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Development and Application of a Dynamic Decomposition Strategy for the Optimal Synthesis/Design and Operational/Control of a SOFC Based APU Under Transient Conditions

[+] Author Affiliations
Diego Rancruel, Michael von Spakovsky

Virginia Polytechnic Institute and State University

Paper No. IMECE2005-82986, pp. 573-585; 13 pages
  • ASME 2005 International Mechanical Engineering Congress and Exposition
  • Advanced Energy Systems
  • Orlando, Florida, USA, November 5 – 11, 2005
  • Conference Sponsors: Advanced Energy Systems Division
  • ISBN: 0-7918-4211-8 | eISBN: 0-7918-3769-6
  • Copyright © 2005 by ASME


A typical approach to the synthesis/design optimization of energy systems is to only use steady state operation and high efficiency (or low total life cycle cost) at full load as the basis for the synthesis/design. Transient operation is left as a secondary task to be solved by system and control engineers once the synthesis/design is fixed. However, transient regimes may happen quite often and the system response to them is a critical factor in determining the system feasibility. Therefore, it is important to consider the system dynamics in the creative process of developing the system. A dynamic optimization approach developed by the authors and called Dynamic Iterative Local-Global Optimization (DILGO) is applied to the dynamic synthesis/design and operational/control optimization of a solid oxide fuel cell based auxiliary power unit. The approach is based on a decomposed optimization of individual units (components and sub-systems), which simultaneously takes into account the interactions between all the units which make up the overall system. The approach was developed to support and enhance current engineering synthesis/design practices, producing improvements in the initial synthesis/design state of the system and its components at all stages of the process and allowing for any degree of detail (from the simple to the complex) at the unit (component or sub-system) level. The total system is decomposed into three sub-systems: stack sub-system (SS), fuel processing sub-system (FPS), and the work and air recovery sub-system (WRAS). Mixed discrete, continuous, and dynamic operational decision variables are considered. Detailed thermodynamic, kinetic, geometric, physical, and cost models are developed for the dynamic system using advanced state-of-the-art tools. DILGO is then applied to the dynamic synthesis/design and operational/control optimization of the system using total life cycle costs as the objective function. Results for this system and component optimization are presented and discussed.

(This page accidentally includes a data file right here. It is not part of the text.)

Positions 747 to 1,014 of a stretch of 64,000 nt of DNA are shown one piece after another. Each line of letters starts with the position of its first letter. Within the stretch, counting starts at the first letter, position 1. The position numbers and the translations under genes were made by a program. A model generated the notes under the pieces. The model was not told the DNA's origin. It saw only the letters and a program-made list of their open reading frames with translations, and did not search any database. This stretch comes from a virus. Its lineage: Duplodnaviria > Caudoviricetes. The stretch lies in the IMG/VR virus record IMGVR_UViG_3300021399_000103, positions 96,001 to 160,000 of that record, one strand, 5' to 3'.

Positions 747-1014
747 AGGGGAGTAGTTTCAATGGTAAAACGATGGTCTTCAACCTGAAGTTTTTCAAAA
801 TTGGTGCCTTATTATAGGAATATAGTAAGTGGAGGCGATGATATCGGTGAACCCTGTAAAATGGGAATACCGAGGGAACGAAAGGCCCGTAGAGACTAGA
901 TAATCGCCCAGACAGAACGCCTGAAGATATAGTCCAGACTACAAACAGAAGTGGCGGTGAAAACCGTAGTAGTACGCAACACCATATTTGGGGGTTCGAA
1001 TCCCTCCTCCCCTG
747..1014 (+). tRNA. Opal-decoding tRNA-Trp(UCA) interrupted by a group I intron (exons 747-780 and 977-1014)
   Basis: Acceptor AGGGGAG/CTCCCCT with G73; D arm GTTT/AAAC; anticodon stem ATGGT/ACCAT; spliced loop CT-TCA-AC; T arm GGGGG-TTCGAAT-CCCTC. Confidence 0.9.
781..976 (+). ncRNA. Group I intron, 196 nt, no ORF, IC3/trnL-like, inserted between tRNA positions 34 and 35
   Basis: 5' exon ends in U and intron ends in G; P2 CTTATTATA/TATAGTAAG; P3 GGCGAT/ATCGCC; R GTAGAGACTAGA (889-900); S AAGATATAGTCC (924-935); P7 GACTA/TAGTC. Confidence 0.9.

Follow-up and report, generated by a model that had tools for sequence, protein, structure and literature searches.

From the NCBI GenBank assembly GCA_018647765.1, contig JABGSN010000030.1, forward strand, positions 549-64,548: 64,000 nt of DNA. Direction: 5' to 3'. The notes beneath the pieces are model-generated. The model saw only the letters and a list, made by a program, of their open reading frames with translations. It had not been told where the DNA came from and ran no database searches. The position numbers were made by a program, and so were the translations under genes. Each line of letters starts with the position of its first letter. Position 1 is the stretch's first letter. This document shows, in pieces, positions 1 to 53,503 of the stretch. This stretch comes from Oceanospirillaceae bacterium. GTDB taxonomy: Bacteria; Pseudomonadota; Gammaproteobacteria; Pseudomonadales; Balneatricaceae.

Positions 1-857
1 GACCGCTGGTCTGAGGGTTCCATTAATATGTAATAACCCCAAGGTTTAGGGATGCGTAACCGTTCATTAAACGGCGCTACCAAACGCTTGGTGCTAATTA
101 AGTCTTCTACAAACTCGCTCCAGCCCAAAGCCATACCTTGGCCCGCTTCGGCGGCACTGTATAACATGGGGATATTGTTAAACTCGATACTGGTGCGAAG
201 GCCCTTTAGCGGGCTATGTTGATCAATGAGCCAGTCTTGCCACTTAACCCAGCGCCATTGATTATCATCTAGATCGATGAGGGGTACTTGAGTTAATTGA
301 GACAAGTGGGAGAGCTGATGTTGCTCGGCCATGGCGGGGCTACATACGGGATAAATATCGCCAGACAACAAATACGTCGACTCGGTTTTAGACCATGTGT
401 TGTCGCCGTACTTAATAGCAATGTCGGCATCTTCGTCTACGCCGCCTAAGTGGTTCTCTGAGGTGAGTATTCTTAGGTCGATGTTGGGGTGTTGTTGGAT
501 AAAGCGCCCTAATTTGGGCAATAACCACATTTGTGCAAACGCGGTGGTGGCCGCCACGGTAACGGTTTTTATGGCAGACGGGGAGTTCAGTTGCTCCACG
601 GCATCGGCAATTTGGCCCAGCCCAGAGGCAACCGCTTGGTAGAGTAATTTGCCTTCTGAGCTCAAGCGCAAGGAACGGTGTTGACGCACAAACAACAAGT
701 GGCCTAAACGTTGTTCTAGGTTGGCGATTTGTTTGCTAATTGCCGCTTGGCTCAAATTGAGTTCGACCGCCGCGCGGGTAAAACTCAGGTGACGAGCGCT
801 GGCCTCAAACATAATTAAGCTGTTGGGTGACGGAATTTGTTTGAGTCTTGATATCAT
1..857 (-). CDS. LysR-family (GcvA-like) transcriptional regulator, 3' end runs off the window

Copyright © 2005 by ASME



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